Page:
Research Triangle Park, N.C. (Nov. 15, 2004) – The 2004 GlaxoSmithKline (GSK) Drug Discovery and Development Research Grants have recently been awarded to three scientists working on novel approaches to combat HIV, the virus that causes AIDS. The recipients, who will share equally in a total of $250,000 in grant monies, are: Yaoxing Huang, Ph.D., from the Aaron Diamond AIDS Research Center; Olaf Kutsch, Ph.D., from the University of Alabama at Birmingham; and Hugh D. Robertson, Ph.D., from the Weill Medical College of Cornell University.
"These research grants are given in recognition of outstanding scientists who have focused their creativity and talent on developing new weapons in the fight against HIV," said Doug Manion, M.D., vice president for HIV Clinical Research for the Infectious Diseases Medicines Development Center (MDC) at GSK.
Design of a Protein to Block All Steps of HIV Entry
Yaoxing Huang, Ph.D., was awarded a Drug Discovery and Development Research Grant for his work to design a single protein that will block all three steps of the viral entry process.
"We have demonstrated in our laboratory that a 'bi-active' protein may be effective at blocking the first two entry steps, whereas a second protein appears to block the third," Dr. Huang said. "The goal is to combine the inhibitors into a single, tri-active protein capable of blocking all three steps of viral entry before the HIV cell reaches the host cells," he said. The GSK award will be used to further test these and other proteins.
A New Method for Screening Compounds with Potential to Inhibit HIV Replication
Olaf Kutsch, Ph.D., received a 2004 Drug Discovery and Development Research Grant for his novel, cell-based high throughput drug screening system to identify potential inhibitors of HIV transcription. "HIV gene expression is dependent on a unique viral protein, called HIV-1 transactivator (HIV-1 Tat)," Dr. Kutsch said. "All previous attempts to identify HIV-1 transcription inhibitors, however, have failed to produce a clinically useful drug.
"For the first time, our system allows us to screen for HIV-1 Tat inhibitors with the capacity to immediately block HIV-1 expression," Dr. Kutsch said. "This capacity is considered essential for a transcription inhibitor to be effective in the clinical setting."
A Novel Strategy to Interrupt the Life Cycle of HIV
Dr. Hugh Robertson, Ph.D. was awarded a Drug Discovery and Development Research Grant for his study of internal ribosome entry sites (IRESs), which are highly structured regions present in the RNA of some viruses. IRES regions are believed to direct the synthesis of viral proteins in host cells. Dr. Robertson and his colleagues have discovered a target site within the IRES regions of several viruses, allowing them to be inhibited by a host enzyme called RNase P.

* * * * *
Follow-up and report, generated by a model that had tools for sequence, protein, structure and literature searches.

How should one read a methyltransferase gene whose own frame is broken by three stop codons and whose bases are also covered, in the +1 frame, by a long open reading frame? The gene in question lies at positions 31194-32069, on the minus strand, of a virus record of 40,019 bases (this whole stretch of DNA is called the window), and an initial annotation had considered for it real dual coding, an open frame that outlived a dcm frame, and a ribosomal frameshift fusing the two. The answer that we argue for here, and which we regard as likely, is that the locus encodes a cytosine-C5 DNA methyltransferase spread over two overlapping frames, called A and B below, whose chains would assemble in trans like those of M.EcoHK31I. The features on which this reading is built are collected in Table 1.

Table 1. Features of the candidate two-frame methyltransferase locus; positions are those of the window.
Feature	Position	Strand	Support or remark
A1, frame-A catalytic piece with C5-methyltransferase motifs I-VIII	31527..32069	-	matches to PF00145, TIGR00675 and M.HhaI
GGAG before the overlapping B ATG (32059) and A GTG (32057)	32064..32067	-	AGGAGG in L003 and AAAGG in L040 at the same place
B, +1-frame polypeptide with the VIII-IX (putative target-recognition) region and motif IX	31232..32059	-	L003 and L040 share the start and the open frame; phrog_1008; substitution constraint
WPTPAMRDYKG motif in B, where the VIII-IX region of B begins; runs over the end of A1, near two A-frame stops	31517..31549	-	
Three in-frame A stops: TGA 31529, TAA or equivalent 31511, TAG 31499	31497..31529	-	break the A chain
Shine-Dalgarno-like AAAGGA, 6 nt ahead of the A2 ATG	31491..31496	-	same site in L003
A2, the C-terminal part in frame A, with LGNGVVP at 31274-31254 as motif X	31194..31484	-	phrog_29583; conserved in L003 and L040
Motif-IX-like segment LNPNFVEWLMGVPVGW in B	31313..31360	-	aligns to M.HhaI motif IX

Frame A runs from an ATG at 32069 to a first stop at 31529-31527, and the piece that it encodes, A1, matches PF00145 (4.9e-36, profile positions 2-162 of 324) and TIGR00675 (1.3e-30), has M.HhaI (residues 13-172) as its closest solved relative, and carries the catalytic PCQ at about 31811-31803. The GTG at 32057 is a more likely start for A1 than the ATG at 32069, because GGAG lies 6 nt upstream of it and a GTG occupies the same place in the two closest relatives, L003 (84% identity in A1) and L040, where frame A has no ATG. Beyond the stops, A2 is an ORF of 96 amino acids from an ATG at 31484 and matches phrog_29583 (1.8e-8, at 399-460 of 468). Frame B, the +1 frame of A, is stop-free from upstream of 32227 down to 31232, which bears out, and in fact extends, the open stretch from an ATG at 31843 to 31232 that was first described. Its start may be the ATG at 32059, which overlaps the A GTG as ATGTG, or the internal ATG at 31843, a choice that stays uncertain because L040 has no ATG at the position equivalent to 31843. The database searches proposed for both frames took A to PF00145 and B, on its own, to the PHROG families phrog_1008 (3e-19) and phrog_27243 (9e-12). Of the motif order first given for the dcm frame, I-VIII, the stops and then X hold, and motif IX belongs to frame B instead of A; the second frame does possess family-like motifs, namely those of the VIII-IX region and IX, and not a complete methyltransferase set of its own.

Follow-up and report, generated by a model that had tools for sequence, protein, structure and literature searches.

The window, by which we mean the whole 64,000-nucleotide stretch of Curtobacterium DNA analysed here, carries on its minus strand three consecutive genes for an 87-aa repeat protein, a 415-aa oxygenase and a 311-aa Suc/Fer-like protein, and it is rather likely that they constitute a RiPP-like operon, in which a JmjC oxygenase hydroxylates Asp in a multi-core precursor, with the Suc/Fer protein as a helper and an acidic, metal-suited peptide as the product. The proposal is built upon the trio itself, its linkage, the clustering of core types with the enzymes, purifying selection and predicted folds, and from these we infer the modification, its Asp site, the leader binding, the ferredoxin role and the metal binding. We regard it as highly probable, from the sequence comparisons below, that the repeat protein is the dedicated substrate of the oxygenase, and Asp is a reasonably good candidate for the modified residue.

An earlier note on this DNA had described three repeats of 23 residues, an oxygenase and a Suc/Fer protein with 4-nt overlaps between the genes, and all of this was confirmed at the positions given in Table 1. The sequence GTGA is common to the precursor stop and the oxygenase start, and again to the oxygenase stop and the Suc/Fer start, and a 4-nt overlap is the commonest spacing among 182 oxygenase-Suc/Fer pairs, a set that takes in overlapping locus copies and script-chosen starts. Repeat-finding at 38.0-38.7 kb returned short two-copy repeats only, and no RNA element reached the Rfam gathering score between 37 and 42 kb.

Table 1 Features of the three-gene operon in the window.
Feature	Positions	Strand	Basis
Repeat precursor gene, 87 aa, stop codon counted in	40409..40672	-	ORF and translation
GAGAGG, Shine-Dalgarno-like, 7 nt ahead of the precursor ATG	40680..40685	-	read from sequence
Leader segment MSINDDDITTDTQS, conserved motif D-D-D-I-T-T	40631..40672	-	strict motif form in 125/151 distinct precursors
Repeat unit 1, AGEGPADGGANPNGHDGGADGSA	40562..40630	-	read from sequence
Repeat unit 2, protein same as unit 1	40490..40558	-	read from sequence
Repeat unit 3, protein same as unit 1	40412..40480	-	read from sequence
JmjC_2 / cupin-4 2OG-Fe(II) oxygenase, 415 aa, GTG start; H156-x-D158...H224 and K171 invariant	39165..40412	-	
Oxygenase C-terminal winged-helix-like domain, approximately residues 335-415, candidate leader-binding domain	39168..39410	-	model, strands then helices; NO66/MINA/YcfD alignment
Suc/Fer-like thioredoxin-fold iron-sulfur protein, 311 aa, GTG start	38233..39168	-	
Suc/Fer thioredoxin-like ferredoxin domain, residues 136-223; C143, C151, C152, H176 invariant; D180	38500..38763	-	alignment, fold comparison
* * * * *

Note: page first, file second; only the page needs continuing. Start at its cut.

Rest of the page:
"Research by other scientists has suggested that the RNA of HIV has an IRES similar to those we have studied in other viruses, such as the one that causes hepatitis C. We have shown in our work that RNase P may inhibit gene expression within the proposed HIV IRES sequence," Dr. Robertson said.
Winners of the Drug Discovery and Development Research Grant are selected by an Expert Review Board comprised of independent researchers who are leaders in the field of HIV/AIDS. Members of the Board that judged and selected this year's winners, are: John A. Bartlett, M.D., professor of medicine, Duke University Medical Center; David D. Ho, M.D., professor, Rockefeller University and scientific director, Aaron Diamond AIDS Research Center; and Michael Saag, M.D., associated professor of medicine and director of the AIDS Outpatient Clinic, University of Alabama at Birmingham.
Since the Drug Discovery and Development Research Grant program was initiated in 2001, GSK has awarded $1.5 million to further the development of inventive treatments for HIV/AIDS. These include therapies designed to prevent HIV infection or prevent transmission of the virus from one human to another.
Applicants interested in more information about the Drug Discovery and Development Research Grant program can visit dddresearchgrant.com or call 1-888-527-6935.
Source: Eurekalert & othersLast reviewed: By John M. Grohol, Psy.D. on 21 Feb 2009
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